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Writers like to write about writers. Sometimes when that happens, however, the work reads as if they're writing for writers. Considering the resounding "write that which you know" mantra, it's hard to blame them. But when the work doesn't cross over, and most fails for some reason or other, it's likely because it's overworked in a "do you see what I just did there?" way. One wants to be clever, but not too much.
Bad Things Happen is a murder novel. The murders, unsolved, surround a small mystery magazine in Ann Arbor, Grey Streets. Like the victims, the suspects are a gang of loosely affiliated and sustainably motivated writers and editors. Our main concern is one David Loogan, a mysterious man with a dark past, an editor's eye, and a propensity for juggling. His main concern: Elizabeth Waishkey, a single mother detective. These two tango around an entertaining ensemble of characters that Dolan weaves in and out of the story. Lies are told, alibis juggled, crossings doubled — bad things happen.
Author Harry Dolan knows writers, I'm sure. But I'm confident his circle of literary aesthetes in his hometown of Ann Arbor, and elsewhere, get as much enjoyment out of this tightly enacted crime caper as, say, a daytime fish-thrower at the Seattle Market. It's gripping, but not epically so. The narrative is tidy and the characters amusing.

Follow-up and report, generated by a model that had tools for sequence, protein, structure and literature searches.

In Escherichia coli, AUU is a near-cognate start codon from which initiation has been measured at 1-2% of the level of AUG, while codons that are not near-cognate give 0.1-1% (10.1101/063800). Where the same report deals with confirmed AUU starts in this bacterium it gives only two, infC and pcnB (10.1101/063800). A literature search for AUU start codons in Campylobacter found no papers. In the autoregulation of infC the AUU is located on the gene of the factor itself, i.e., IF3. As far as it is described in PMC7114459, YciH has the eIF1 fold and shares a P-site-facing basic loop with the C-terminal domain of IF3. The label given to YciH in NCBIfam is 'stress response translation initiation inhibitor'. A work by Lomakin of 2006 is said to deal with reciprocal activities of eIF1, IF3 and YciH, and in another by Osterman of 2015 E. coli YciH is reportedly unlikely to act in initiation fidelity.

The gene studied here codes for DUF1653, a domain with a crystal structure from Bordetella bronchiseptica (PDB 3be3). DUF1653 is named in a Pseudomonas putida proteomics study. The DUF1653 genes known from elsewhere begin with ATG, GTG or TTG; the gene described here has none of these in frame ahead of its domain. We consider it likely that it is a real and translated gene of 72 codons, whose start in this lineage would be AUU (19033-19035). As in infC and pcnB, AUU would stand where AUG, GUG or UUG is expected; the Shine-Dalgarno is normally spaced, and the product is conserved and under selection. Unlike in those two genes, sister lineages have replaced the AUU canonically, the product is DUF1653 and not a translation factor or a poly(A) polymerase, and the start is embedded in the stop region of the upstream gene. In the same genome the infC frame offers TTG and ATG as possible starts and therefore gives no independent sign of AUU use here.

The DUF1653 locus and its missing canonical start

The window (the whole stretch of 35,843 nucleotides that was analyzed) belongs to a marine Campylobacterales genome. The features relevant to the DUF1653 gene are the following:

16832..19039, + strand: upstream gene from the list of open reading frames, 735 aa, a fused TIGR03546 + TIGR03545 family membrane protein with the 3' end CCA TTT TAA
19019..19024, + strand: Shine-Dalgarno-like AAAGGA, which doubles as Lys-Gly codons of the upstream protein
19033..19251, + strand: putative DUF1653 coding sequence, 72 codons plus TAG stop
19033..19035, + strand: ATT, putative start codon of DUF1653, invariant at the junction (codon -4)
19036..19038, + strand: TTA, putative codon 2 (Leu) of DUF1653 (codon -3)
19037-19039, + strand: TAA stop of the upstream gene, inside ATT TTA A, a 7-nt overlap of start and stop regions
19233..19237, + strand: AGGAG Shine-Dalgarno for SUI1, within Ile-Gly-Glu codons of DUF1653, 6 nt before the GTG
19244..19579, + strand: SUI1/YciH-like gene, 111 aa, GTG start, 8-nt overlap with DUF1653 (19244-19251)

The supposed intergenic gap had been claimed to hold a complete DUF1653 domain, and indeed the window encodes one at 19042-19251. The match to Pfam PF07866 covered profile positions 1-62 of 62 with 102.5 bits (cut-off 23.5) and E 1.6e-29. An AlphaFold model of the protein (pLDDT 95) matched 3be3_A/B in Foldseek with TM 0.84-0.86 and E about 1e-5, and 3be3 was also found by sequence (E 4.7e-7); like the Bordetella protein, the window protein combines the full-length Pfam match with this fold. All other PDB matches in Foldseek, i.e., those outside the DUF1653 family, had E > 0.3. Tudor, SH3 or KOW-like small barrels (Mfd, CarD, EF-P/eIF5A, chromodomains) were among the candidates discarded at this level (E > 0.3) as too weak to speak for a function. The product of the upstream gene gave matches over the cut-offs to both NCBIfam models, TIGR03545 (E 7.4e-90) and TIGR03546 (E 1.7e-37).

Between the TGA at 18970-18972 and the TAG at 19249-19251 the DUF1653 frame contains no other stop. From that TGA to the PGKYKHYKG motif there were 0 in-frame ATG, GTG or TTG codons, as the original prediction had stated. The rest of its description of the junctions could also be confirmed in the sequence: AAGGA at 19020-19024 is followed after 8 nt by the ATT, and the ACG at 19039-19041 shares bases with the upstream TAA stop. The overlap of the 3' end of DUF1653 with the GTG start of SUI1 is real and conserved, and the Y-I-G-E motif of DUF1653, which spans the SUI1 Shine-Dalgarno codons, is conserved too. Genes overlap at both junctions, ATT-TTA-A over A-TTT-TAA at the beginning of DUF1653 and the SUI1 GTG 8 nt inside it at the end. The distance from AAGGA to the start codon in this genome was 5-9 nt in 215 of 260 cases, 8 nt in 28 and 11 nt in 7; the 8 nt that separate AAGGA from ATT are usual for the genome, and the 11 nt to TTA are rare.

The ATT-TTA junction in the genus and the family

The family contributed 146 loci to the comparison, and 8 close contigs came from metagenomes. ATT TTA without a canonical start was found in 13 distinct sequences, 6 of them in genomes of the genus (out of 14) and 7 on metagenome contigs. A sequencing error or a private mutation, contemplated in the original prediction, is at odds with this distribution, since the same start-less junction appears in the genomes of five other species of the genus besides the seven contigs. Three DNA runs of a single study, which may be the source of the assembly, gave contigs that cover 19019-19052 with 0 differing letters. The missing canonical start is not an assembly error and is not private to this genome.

The plot stretches, but not too far. For his first foray into novel-writing, Dolan kills.
From Chapter 1
The shovel has to meet certain requirements. A pointed blade. A short handle, to make it maneuverable in a confined space. He finds what he needs in the gardening section of a vast department store ...
The checkout lanes are crowded. He chooses a line and the fluorescent lights flicker overhead as he considers how he's going to pay. His wallet holds a credit card in the name of David Loogan. It's not the name he was born with, but it's what he calls himself now. He's not going to use the credit card ...
The line moves and he thinks he'll get out quick and clean, but he's wrong. The cashier wants to talk.
"I think I've seen you before," she says to him.
"I doubt it."
She's tall, broad in the hips, attractive, though the stark light accentuates the lines under her eyes and around her mouth.
"You look familiar," she says.
The man who calls himself David Loogan doesn't want to be familiar. He wants to be nondescript. Unmemorable ...
He offers her a lukewarm smile. "That must be it ..."
"You must be a gardener," she says.
He ought to agree and leave it at that, but he gets flustered. He starts to say, "I'm an editor," but stops himself. The truth won't do. He goes with the first lie that comes into his mind.
"I'm a juggler," he says.
It's a mistake.
Travis R. Wright is arts and culture editor of Metro Times. Send comments to email@example.com.